$35,100 – $40,545 MSRP
$32,430 – $37,766 Invoice
14 / 20 MPG City/Hwy
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Chrysler's 300 sedan looks more like a luxury car than a standard-sized American sedan, and for 2007 it gets even more limo-like with a new stretched-wheelbase version that provides more than 46 inches of rear leg room (compared to 40.2 in the already comfortable standard version). Also new for the 2007 model year is the availability of such additional luxury-car features as adaptive cruise control that maintains a safe distance between your vehicle and the one ahead, SmartBeam headlamps, heated rear seats, an auto-dimming passenger-side rearview mirror, as well as turn signals and "puddle" lamps built into the exterior mirrors.
Chrysler re-launched the full-size, rear-wheel-driven, V-8-powered American sedan for 2005 in the form of the 300, and the car proved popular with a wide and diverse demographic base of consumers. With its Bentley-like exterior design (Chrysler calls the design "stunning" and "noble") the 300 appealed to seemingly everyone from senior citizens to tuners who quickly found ways to customize the car's appearance with various aftermarket accessories.
While the exterior styling continues for another model year, there are several new colors available, and the Chrysler 300 also becomes available in a new long-wheelbase version that puts 6 more inches between the front and rear axles, with most of that added length benefiting those sitting in the back seat with a lot more leg room. Those sitting in back also can have heated seats for even more limo-like comfort. The long-wheelbase version is available in the 300 Touring and 300C rear-wheel-drive models.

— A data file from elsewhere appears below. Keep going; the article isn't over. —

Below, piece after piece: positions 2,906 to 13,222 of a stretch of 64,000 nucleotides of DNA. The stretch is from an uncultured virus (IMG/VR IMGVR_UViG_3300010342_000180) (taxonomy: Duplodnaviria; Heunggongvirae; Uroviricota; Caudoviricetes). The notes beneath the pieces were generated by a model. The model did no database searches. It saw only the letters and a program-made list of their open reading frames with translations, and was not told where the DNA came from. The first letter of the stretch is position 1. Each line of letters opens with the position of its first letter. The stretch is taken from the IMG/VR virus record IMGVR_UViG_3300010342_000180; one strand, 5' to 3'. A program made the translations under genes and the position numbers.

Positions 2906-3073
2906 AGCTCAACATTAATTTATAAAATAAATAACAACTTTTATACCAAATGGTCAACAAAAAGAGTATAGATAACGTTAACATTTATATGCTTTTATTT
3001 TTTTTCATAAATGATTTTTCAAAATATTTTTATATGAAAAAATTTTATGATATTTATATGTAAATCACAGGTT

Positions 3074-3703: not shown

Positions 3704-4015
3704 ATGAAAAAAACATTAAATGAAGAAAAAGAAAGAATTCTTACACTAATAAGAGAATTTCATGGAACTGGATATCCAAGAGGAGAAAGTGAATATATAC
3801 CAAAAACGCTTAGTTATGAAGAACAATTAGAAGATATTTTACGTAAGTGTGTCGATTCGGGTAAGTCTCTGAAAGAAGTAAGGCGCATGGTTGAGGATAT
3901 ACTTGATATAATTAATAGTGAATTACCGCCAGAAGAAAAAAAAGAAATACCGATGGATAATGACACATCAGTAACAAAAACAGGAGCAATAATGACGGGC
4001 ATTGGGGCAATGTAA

The standard Chrysler 300 comes with rear-wheel drive, a 190-hp, 2.7-liter V-6 engine and 4-speed automatic transmission, 17-inch wheels, air conditioning, a CD audio system, a power driver's seat, adjustable lumbar support for both front seats, power windows/locks, keyless entry, a tilt-and-telescoping steering wheel, and more. The 300 Touring is available with rear- or all-wheel drive, has a 250-hp, 3.5-liter V-6 engine and 5-speed automatic transmission, electronic stability control, traction control, fog lamps, and more. The 300C adds a 340-hp, 5.7-liter Hemi V-8 engine, 18-inch wheels, a 276-watt Boston Acoustics audio system, dual exhaust, power-adjustable pedals, and more. Also available is the 300C SRT8, a high-performance version, with a 425-hp, 6.1-liter Hemi V-8 and enhanced suspension and other hardware, including 20-inch wheels.
The Chrysler 300 competes in the Large Conventional segment, which consists of 14 models. Buyers in this segment look for performance, comfort, and exterior styling, according to the J.D. Power and Associates 2006 Avoider StudySM and the Escaped Shopper Study.SM
The top sellers in the segment during calendar year 2006, according to the J.D. Power and Associates Sales Report,SM were the Chevrolet Impala (289,868 units sold), Chrysler 300 (143,647), and Dodge Charger (114,201). The Chrysler 300's 143,647 sales in 2006 represent a decrease of 0.3 percent compared to the previous year. Other models offered in the Large Conventional segment include the Pontiac Grand Prix, Buick Lucerne, Toyota Avalon, Ford Five Hundred, and Nissan Maxima.
|Base||5 speed automatic||$35,100||340-hp / 5.7L 8-cyl||17/25|
|SRT8||5 speed automatic||$40,545||425-hp / 6.1L 8-cyl||14/20|
$21,815–$28,815 Base MSRP
18/27 MPG City/Hwy
$26,875–$34,065 Base MSRP
22/31 MPG City/Hwy
$23,035–$28,460 Base MSRP
19/25 MPG City/Hwy
$23,835–$29,235 Base MSRP
19/25 MPG City/Hwy